Other Engines Other engines rated greater than 50 brake horsepower and located at large commercial cannabis growing and harvesting operations may require a District permit prior to installation and operation.
Gasoline Storage Tanks Gasoline storage tanks greater than 250 gallons and located at large commercial cannabis growing and harvesting operations may require a District permit prior to installation and operation. Diesel tanks are not subject to permit requirements.
The District recommends that potential commercial cannabis growing and harvesting operators call the District’s Business Assistance hotline at (559) 230-5888 to assess permit applicability and associated requirements, prior to any construction or equipment purchases.
1 California Code of Regulations (CCR) Title 3 (Food and Agriculture), Division 8 (Cannabis Cultivation), Chapter 1, Section 8306, requires a District-issued permit or a state-issued Portable Equipment Registration. However, state and local air quality rules do not allow the use of portable equipment as a part of the operation of a stationary source of emissions such as an agricultural or processing operation, and therefore a permit must be obtained from the District.
Processing operations of commercial cannabis products including, but not limited to, packaging, oil extraction, and volatile extraction are required to obtain District issued permits in accordance with District Rule 2010, Permits Required, prior to installation and operation of any processing equipment.
To obtain a permit, the applicant must file an “Application for Authority to Construct/Permit to Operate” and a supplemental “Application for Cannabis Manufacturing/Processing Operations”. During the permitting process, the operation will be evaluated to ensure compliance with District Rule 2201 requirements such as Best Available Control Technology (BACT) and offsets if certain thresholds are surpassed.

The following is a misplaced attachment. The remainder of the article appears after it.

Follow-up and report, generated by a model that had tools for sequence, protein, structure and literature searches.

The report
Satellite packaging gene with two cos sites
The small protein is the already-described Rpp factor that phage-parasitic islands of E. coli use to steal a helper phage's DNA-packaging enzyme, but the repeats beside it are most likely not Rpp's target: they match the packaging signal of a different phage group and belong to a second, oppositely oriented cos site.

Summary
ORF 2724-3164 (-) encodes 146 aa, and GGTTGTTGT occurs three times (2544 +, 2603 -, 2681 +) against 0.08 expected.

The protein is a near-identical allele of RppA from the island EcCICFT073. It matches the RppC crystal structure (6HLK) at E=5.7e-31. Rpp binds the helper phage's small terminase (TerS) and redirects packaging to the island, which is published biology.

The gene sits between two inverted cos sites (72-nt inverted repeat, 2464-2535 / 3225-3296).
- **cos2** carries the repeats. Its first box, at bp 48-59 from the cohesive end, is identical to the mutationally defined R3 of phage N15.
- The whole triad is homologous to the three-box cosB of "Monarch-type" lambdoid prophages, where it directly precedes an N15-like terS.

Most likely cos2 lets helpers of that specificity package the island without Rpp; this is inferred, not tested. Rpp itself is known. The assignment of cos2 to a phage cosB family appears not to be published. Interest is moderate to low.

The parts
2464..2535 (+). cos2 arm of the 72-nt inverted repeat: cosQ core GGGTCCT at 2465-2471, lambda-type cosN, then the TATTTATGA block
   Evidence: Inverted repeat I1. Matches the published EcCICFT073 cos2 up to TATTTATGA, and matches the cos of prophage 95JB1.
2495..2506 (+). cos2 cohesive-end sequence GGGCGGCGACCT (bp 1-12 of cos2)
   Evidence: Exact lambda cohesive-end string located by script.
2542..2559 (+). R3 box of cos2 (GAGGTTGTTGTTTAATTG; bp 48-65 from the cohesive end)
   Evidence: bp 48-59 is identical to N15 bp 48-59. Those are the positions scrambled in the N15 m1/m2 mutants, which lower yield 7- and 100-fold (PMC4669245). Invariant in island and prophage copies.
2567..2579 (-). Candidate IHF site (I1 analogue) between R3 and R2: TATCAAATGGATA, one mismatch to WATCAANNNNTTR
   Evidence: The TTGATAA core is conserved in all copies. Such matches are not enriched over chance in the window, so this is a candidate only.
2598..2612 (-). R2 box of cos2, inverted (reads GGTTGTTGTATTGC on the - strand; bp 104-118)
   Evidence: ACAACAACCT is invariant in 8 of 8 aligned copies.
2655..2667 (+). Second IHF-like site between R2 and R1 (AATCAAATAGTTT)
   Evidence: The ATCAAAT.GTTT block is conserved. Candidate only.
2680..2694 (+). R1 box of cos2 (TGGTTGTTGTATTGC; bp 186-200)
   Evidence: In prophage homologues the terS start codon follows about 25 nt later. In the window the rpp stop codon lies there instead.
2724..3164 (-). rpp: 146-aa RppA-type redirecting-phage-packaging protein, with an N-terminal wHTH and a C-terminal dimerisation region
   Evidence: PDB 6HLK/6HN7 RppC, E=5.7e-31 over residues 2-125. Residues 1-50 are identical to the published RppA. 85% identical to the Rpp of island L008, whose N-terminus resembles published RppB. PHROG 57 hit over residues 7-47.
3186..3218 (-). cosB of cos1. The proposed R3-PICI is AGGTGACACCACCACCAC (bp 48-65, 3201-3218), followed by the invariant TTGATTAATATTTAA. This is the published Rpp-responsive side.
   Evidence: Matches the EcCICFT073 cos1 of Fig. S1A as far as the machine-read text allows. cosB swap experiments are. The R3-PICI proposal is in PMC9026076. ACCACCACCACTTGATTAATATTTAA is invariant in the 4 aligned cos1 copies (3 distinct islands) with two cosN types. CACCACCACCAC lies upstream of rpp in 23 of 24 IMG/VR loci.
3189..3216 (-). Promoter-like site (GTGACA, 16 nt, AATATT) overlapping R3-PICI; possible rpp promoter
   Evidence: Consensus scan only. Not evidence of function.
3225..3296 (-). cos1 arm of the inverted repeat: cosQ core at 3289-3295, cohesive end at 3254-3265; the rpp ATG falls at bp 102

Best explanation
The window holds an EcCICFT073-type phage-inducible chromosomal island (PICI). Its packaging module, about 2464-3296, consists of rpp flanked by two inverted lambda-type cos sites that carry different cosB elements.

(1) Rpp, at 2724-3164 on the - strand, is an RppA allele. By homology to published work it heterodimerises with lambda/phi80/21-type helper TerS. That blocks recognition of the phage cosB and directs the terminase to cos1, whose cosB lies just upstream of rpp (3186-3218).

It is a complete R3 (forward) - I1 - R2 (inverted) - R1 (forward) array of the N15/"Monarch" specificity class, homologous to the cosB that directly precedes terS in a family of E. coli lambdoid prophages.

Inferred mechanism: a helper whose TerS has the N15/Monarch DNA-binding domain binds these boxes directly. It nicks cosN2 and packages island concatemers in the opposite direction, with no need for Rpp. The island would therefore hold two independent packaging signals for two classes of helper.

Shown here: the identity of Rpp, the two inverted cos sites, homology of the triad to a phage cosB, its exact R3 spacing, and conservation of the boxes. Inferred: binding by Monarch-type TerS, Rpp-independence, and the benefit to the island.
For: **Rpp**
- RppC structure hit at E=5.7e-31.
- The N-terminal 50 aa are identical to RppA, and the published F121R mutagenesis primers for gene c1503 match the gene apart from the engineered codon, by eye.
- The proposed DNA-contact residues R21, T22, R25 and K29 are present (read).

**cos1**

Odor control devices used to abate odor from cannabis operations including, but not limited to, growing, harvesting, storing, packaging, oil extraction, and volatile extraction, require permits according to District Rule 2010, Permits Required, prior to installation or operation of such equipment.
As permitted operations, cannabis processing operations are subject to District Rule 4102, Nuisance, and any public nuisance related to odors from cannabis processing operations are subject to District enforcement. To comply with District Rule 4102, the District may require the use of odor abatement systems (e.g., activated carbon filtration systems, deodorizing systems).
Please note that local land use agencies may already require the use of odor abatement equipment, such as carbon control on greenhouses, storage buildings, etc., to control the cannabis related odors and prevent nuisances from occurring.
Under District Rule 4103, Open Burning, the burning of crops such as cannabis, or of related residue or waste, is not allowed in the San Joaquin Valley.
To receive further information or to discuss any permitting or application questions, please contact the District’s Small Business Assistance office at (559) 230-5888.